GREG GOFF- We talk more about the process than actual numbers. What are pitchers trying to do to stop us and find their weakness and expose it. Stolen bases are a big part of our offense and I feel  helps us score runs. Educate them on good times to run and when not to run, help them gain confidence through practice and scrimmage games, and turn them  loose in the spring is my approach to the running game. Its always a risk but to me you can’t reach your full potential without risk taken.

JASON STEIN- We keep track of all percentages and hopefully teams are worrying about the running game.

Stolen bases: an argument of quality versus quantity

In the past, present and foreseeable future, baseball teams that can run, win. Just like power and velocity, speed it is a skill that can be developed, but for the most part it cannot be taught. However unlike velocity and power, speed can be harder to evaluate and may not necessarily transfer to game situations as well.

If aliens visited our planet and reported back on their findings, there are plenty of things that they might find peculiar about us earthlings. Near the top of that list (for our money) would be the fact that a baseball players’ speed is judged largely by how fast they can run a 60-yard dash- in the past, present and unfortunately, foreseeable future.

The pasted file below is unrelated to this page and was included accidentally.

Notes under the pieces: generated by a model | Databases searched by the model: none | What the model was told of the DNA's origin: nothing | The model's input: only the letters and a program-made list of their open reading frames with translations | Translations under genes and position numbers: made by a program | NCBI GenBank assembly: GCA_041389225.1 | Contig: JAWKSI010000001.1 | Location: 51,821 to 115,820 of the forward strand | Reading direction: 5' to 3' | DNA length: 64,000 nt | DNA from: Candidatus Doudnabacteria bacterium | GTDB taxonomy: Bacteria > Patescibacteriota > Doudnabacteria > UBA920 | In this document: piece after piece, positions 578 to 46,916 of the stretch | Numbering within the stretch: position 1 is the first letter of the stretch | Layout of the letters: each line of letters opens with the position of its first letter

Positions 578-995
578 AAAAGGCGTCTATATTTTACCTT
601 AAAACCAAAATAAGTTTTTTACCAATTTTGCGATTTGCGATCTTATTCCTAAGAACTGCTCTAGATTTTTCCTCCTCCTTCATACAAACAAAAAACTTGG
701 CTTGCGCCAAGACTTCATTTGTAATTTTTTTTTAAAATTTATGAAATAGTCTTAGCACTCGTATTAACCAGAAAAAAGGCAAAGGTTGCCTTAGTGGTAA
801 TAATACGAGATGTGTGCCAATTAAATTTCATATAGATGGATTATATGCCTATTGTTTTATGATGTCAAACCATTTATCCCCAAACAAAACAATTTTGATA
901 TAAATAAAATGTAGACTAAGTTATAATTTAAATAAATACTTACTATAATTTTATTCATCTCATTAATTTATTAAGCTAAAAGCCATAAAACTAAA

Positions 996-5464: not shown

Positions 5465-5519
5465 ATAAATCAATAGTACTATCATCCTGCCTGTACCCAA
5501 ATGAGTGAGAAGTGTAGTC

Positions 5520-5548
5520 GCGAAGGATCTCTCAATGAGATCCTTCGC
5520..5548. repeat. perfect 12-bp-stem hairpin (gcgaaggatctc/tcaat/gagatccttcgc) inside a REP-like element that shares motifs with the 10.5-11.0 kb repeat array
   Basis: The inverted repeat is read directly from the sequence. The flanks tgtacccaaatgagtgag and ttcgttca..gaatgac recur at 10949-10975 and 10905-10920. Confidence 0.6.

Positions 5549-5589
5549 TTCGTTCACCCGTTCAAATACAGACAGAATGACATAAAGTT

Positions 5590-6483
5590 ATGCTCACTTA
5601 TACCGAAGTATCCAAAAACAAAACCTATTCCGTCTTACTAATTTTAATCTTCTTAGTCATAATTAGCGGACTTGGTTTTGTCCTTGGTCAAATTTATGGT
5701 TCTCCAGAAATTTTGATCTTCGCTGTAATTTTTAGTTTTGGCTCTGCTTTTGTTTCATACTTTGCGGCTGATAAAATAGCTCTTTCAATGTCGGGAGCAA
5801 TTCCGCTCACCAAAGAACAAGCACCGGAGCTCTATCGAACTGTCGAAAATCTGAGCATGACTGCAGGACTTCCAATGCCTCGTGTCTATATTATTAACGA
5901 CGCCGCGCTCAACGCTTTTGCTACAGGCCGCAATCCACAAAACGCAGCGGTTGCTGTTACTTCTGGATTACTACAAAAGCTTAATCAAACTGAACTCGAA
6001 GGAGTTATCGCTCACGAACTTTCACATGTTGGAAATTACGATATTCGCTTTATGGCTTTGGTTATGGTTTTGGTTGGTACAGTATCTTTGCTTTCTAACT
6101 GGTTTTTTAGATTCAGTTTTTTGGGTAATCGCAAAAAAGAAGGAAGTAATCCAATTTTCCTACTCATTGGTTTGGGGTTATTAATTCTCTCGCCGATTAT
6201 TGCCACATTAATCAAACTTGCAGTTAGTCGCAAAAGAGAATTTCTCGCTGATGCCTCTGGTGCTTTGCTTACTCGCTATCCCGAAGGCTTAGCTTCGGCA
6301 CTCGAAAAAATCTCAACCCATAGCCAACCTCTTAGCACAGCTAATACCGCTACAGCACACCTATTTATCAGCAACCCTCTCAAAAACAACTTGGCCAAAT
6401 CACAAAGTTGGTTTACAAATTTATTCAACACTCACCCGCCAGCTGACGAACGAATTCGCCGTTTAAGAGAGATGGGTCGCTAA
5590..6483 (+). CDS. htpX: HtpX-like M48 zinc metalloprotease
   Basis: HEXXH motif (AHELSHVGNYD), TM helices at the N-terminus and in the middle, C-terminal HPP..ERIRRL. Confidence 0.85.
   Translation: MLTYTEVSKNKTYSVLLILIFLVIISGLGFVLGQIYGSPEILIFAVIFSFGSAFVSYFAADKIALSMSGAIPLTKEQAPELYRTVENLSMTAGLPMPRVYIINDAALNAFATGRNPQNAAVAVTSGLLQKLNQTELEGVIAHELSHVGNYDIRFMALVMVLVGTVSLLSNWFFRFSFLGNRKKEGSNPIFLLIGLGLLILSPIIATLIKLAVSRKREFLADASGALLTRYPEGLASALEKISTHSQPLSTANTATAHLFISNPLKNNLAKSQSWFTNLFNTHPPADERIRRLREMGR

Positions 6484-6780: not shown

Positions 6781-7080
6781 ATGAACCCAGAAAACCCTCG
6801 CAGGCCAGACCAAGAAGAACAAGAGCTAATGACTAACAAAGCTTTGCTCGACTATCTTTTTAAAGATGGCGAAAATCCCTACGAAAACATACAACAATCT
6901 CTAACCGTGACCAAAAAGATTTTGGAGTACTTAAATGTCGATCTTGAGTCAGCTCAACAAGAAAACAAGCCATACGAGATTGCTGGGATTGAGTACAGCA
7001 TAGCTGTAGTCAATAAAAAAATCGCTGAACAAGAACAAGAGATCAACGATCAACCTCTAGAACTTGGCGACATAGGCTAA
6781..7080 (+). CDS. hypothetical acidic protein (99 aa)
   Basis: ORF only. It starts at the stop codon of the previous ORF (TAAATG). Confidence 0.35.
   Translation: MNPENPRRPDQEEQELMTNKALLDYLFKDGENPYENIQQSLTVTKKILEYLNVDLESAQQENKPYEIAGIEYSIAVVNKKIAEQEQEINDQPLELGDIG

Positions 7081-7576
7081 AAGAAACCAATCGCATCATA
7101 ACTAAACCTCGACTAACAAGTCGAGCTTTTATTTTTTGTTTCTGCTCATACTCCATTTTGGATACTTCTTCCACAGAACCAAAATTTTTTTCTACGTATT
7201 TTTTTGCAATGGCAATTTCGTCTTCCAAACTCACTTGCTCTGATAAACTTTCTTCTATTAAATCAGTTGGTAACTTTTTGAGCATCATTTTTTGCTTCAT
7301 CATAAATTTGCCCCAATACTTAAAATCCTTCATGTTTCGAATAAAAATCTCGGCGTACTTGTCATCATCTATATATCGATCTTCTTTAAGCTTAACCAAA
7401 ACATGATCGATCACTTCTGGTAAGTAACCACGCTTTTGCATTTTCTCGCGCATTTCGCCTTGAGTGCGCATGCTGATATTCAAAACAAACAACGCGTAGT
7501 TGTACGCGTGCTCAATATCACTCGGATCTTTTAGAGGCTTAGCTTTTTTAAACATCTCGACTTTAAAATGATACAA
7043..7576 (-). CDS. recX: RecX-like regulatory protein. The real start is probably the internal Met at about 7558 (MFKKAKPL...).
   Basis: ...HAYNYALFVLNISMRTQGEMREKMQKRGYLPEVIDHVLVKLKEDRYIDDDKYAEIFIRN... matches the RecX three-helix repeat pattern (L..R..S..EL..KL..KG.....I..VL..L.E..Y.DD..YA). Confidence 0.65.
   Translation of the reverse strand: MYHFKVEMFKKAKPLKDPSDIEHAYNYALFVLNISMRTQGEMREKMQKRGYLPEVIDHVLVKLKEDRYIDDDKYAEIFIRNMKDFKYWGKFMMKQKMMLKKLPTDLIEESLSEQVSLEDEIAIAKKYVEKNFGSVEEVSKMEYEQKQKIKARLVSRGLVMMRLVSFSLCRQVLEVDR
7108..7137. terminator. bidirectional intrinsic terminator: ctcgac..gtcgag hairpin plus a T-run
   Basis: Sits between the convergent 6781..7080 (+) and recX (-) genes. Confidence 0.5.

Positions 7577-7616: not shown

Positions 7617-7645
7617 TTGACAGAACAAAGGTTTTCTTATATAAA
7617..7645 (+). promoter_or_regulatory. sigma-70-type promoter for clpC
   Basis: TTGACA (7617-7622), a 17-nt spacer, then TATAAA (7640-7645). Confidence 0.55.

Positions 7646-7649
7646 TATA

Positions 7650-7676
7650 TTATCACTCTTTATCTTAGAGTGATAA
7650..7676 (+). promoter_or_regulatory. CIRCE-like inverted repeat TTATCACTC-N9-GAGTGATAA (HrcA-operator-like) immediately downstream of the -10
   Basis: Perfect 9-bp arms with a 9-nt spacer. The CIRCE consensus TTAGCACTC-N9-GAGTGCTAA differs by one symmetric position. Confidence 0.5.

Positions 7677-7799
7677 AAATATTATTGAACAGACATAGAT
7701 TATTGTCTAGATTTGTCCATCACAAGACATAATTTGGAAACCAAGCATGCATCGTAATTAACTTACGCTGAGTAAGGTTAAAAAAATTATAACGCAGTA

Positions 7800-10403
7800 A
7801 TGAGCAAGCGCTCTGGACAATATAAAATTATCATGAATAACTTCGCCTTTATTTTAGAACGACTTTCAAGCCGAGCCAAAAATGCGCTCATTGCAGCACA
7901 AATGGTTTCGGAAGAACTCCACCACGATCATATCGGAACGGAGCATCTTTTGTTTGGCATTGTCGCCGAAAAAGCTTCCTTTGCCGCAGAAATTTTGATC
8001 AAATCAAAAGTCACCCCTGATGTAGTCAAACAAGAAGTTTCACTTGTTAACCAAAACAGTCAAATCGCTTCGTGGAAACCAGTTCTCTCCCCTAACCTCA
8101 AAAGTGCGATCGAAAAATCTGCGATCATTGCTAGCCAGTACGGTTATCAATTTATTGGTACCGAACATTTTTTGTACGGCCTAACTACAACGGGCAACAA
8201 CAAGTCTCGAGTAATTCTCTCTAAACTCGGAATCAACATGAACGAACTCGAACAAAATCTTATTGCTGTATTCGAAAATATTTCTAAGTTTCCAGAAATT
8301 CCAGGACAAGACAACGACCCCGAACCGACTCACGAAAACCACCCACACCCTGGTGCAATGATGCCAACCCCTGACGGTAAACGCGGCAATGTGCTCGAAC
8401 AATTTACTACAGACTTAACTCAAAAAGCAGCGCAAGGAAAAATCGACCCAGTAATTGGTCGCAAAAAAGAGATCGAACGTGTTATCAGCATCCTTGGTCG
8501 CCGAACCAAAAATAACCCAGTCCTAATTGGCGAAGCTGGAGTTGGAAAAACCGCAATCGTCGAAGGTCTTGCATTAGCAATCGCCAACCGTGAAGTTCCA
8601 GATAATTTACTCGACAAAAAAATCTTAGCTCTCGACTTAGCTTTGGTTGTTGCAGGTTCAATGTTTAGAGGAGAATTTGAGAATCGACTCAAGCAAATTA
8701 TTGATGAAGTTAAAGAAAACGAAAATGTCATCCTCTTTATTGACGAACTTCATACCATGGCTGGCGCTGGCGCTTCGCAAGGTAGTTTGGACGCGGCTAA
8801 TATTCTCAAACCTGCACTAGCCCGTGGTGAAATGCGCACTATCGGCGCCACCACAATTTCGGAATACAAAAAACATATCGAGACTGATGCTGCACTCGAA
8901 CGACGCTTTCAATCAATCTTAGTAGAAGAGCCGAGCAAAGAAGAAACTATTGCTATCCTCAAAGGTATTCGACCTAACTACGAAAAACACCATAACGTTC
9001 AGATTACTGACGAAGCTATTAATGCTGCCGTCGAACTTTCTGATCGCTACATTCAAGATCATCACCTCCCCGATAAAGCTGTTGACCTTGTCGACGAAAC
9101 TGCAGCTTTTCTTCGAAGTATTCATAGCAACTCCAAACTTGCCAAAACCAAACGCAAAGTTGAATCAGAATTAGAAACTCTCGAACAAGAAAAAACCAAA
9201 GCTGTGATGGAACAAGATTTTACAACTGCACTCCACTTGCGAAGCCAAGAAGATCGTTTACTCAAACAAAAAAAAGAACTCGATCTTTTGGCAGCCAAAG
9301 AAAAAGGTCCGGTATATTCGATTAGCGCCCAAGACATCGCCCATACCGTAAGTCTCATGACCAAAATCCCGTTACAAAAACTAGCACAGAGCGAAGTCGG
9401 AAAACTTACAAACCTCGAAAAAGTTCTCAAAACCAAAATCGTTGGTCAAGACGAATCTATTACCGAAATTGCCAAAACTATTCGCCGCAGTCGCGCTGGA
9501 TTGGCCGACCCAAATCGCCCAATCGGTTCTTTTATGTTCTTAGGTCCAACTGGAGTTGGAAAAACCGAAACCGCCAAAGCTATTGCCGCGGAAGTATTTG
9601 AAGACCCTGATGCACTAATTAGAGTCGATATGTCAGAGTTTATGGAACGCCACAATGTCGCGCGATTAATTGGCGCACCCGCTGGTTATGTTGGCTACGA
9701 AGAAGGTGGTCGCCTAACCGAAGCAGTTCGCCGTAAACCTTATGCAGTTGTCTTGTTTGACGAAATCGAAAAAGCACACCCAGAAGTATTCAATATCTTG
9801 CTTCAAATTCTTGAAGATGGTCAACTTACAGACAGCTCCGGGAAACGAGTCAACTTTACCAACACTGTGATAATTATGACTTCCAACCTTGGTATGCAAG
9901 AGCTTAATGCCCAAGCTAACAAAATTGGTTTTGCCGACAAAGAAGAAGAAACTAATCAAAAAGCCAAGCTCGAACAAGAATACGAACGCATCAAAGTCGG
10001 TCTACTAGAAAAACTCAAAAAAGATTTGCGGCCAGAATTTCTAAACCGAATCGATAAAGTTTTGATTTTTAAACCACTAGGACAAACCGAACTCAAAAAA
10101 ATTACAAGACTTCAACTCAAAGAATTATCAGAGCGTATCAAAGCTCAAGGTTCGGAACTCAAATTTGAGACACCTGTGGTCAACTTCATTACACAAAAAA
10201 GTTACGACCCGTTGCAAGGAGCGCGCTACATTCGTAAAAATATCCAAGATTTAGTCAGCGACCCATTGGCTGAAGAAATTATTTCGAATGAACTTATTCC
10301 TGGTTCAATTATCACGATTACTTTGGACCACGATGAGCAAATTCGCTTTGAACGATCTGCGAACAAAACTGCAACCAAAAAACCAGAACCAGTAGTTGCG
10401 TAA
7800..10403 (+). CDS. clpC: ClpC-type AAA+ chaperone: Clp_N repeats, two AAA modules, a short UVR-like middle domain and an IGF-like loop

When is the last time you have seen a player run full-speed for 60 yards (180 feet) during a game? If you have, please let us know (insidepitchmag@gmail.com); we would be willing to bet that something went very wrong. While it can be a tool for evaluating the general foot speed and athletic ability of a player, the 60-yard dash simply cannot factor in base running situations, leadoffs, jumps and many other facets that are vital in the running game.

So what is the best way to determine base stealing ability? Looking at stolen base numbers during (or at the end of) a playing season can be beneficial for scouting purposes, however it can be misleading when applying how well a team actually implements their stolen base philosophy. Much like the 60-yard dash, it can be a challenge to judge just how well a team runs if competition and situation are not taken into consideration.

The purpose of this article is to help players and coaches identify their ability to steal bases and suggest some ways that can promote improvement in those areas. Continue reading